In honor of National Adoption Month in November, we’re raising awareness of a widely known but little understood type of adoption. In a private domestic adoption of an infant, expectant parents (usually the mothers acting alone) decide to relinquish their newborn to an adoptive family of their choosing. Accurate information on private domestic infant adoptions (as they are known) is harder to come by than information on adoptions from the child welfare system, allowing anecdotal information from the media to play an outsized role in influencing public perception. In fact, we lack even basic information—including the number of private adoptions taking place each year—that would inform the policymakers responsible for putting safeguards in place for these adoptions. So, what do we know?
- Private domestic infant adoption is the least common type of adoption in the United States, less common than adoptions from foster care, adoptions by stepparents, and international adoptions. Although we don’t have an exact count, experts estimate that between 10,000 and 20,000 private domestic infant adoptions take place annually.
- The number of private domestic infant adoptions is shrinking. Since the 1970s, both the number and proportion of infants relinquished for adoption among all live births in the United States have declined. The decline can be attributed to (1) changing societal attitudes toward single motherhood, (2) the availability of effective contraception, and (3) the legalization of abortion, although access to abortion has not been considered a contributing factor to the decline since the 1980s.
- Although popular culture often portrays birth mothers as adolescents unprepared for parenthood, the reality is more complex. In fact, only one-fourth of the women who choose adoption placement are teenagers. The majority of birth mothers—a term for women who relinquish an infant for adoption—are high school graduates, in their 20s, and many of them already have other children.
- Expectant mothers generally choose adoption when they believe they’ve exhausted all other options. Although there are many factors involved in their decision, women who choose adoption often lack supportive relationships and are facing extreme economic or emotional stressors.
- A growing number of adoptions are arranged online with limited oversight. Birth parents can connect with adoptive parents directly through social media, or indirectly through loosely regulated online facilitators. Traditionally, brick-and-mortar adoption agencies facilitate adoptions by counseling expectant parents on their options, formally evaluating families who want to adopt children, and providing legal counsel. Some have expanded their services by offering them online. Less structured approaches, like personal connections or online facilitators, pose a greater risk that the birth parents will be financially or emotionally exploited, or that the child will be placed in an unfit home.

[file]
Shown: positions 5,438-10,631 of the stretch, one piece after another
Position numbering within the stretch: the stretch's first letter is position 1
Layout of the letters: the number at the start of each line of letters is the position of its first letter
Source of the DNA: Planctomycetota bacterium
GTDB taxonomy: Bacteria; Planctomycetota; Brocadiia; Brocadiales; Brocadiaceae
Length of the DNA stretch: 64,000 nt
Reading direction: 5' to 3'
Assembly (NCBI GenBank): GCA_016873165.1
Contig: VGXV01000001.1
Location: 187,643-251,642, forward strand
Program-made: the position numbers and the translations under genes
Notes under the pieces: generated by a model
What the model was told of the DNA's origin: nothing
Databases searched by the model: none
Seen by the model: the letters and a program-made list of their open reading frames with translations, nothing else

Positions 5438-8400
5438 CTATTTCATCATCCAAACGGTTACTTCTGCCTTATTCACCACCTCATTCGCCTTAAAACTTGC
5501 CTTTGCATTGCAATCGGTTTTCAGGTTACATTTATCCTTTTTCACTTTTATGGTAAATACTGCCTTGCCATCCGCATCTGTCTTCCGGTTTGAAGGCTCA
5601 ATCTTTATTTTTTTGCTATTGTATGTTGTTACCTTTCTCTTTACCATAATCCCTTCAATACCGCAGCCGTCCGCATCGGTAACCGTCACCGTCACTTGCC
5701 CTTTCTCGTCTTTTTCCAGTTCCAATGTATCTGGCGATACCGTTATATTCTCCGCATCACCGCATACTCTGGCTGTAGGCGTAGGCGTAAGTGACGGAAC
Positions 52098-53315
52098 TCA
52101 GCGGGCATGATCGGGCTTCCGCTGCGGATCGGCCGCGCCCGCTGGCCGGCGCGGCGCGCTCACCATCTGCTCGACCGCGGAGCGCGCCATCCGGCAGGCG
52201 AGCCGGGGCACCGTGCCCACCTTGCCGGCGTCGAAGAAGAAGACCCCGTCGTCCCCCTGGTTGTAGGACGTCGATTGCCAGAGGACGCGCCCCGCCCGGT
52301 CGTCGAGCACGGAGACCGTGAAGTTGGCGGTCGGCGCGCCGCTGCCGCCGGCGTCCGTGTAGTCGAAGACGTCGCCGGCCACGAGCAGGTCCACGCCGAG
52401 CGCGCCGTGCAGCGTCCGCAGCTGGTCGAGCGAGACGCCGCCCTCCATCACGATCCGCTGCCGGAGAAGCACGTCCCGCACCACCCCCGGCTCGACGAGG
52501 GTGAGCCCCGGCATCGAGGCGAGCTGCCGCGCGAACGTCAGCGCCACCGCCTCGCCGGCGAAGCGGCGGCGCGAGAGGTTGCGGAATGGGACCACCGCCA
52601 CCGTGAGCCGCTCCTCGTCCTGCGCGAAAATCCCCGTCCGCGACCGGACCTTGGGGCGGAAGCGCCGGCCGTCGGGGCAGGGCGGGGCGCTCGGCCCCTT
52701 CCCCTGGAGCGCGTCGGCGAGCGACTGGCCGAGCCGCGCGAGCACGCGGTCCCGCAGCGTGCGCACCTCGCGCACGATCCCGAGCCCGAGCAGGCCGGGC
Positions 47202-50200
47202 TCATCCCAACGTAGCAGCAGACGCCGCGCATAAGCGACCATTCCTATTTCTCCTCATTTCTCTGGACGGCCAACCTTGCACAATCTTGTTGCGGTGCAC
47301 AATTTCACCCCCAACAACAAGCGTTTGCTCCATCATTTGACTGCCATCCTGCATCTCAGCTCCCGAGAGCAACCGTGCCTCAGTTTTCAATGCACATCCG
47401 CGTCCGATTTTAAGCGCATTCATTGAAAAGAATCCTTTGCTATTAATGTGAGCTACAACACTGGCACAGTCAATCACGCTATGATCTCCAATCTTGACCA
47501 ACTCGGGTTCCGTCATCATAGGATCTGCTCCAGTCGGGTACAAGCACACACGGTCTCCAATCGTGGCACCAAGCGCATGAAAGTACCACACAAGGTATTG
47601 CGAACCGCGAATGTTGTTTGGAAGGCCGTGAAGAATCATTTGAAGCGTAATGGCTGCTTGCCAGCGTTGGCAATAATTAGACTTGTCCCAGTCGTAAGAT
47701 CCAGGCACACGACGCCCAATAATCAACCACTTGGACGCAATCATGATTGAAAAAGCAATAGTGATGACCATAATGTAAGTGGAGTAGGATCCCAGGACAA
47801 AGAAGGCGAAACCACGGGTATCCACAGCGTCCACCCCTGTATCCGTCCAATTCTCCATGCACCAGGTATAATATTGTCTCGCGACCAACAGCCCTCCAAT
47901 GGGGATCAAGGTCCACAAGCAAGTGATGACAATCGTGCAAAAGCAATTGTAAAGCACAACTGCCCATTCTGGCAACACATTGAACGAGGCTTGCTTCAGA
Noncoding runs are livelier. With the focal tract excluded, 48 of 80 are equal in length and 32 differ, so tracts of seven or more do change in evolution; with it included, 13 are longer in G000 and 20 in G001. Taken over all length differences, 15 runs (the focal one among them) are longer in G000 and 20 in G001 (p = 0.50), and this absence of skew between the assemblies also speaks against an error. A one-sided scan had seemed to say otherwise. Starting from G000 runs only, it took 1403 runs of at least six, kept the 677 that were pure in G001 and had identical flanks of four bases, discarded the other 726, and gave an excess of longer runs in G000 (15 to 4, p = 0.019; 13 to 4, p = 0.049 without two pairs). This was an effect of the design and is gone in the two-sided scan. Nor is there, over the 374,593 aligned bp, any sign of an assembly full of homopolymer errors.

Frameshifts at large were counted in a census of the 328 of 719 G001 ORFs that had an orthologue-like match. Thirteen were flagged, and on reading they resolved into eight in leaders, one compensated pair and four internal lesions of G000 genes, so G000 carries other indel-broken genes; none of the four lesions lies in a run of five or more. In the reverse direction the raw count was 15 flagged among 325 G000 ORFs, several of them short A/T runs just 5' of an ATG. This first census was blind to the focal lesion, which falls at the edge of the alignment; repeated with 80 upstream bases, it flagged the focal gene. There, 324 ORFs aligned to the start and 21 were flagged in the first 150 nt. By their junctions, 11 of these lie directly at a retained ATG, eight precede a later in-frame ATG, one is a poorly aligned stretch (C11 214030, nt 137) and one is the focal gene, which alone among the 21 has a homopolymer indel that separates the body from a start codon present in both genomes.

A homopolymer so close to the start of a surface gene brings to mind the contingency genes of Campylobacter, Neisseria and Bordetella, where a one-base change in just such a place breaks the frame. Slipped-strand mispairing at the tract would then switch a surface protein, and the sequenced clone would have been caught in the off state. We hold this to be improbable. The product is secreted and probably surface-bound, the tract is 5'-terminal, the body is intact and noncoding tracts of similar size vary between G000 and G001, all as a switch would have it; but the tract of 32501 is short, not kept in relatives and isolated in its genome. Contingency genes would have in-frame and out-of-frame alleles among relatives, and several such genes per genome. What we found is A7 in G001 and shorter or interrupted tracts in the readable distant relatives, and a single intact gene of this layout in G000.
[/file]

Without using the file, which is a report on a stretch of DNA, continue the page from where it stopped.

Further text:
Unlike adoptions from foster care, which have some federal oversight, the regulation and oversight of private domestic infant adoptions are left to the states. Unfortunately, this leaves birth parents and their infants vulnerable to coercion or predatory practices. State policies vary significantly in a few key areas:
- Legal representation. Most states allow for dual representation, in which the same attorney represents both adoptive and birth parents. Both legal and adoption experts believe this creates a conflict of interest, which can negatively affect both parties.
- Consent and revocation periods. States vary on how soon birth parents can consent to adoption after their child is born, and the amount of time, if any, they have to legally change their mind about relinquishing a child. In Utah, for example, a birth mother can give her consent 24 hours after the birth, and the consent is irrevocable.
- Mandatory options counseling. Options counseling helps expectant parents make informed decisions, yet state laws vary in whether options counseling is required, who provides it, and what information is included.
- Incentives for birth parents. Inconsistent regulation of incentives—such as education expenses, housing, and prenatal care—can open the door to abuse or coercion. About 45 states regulate the expenses that an adoptive family can cover.
- Open adoptions. Open adoption arrangements are considered standard practice and allow birth parents to have contact with their child and the adoptive family. However, enforceability of these agreements varies from one state to another, and often there are no legal consequences if adoptive parents break adoption agreements.
The body of research on adoption, and the experts we consulted, suggest that a few best practices can improve outcomes, both for expectant parents who are considering adoption and for those who relinquish a child for adoption. These include: (1) comprehensive options counseling and post-adoption supports; (2) independent legal counsel; and (3) enforceable open adoption agreements that protect all families.
Our new brief sheds light on what the evidence tells us about private domestic infant adoption in the United States—including best practices for policymakers and practitioners—and identifies priorities for data collection and further research, such as developing a reliable annual count of private infant adoptions and examining the effects of increasingly common facilitation of adoption through social media and other online practices. Policy research in this area often focuses on the child and adoptive family’s outcomes, but through this brief, we chose to highlight how adoption policies and practices affect birth parents. Moving forward, more work will need to be done to build the evidence base for creating a more just and protective system for private domestic adoption of infants in the United States.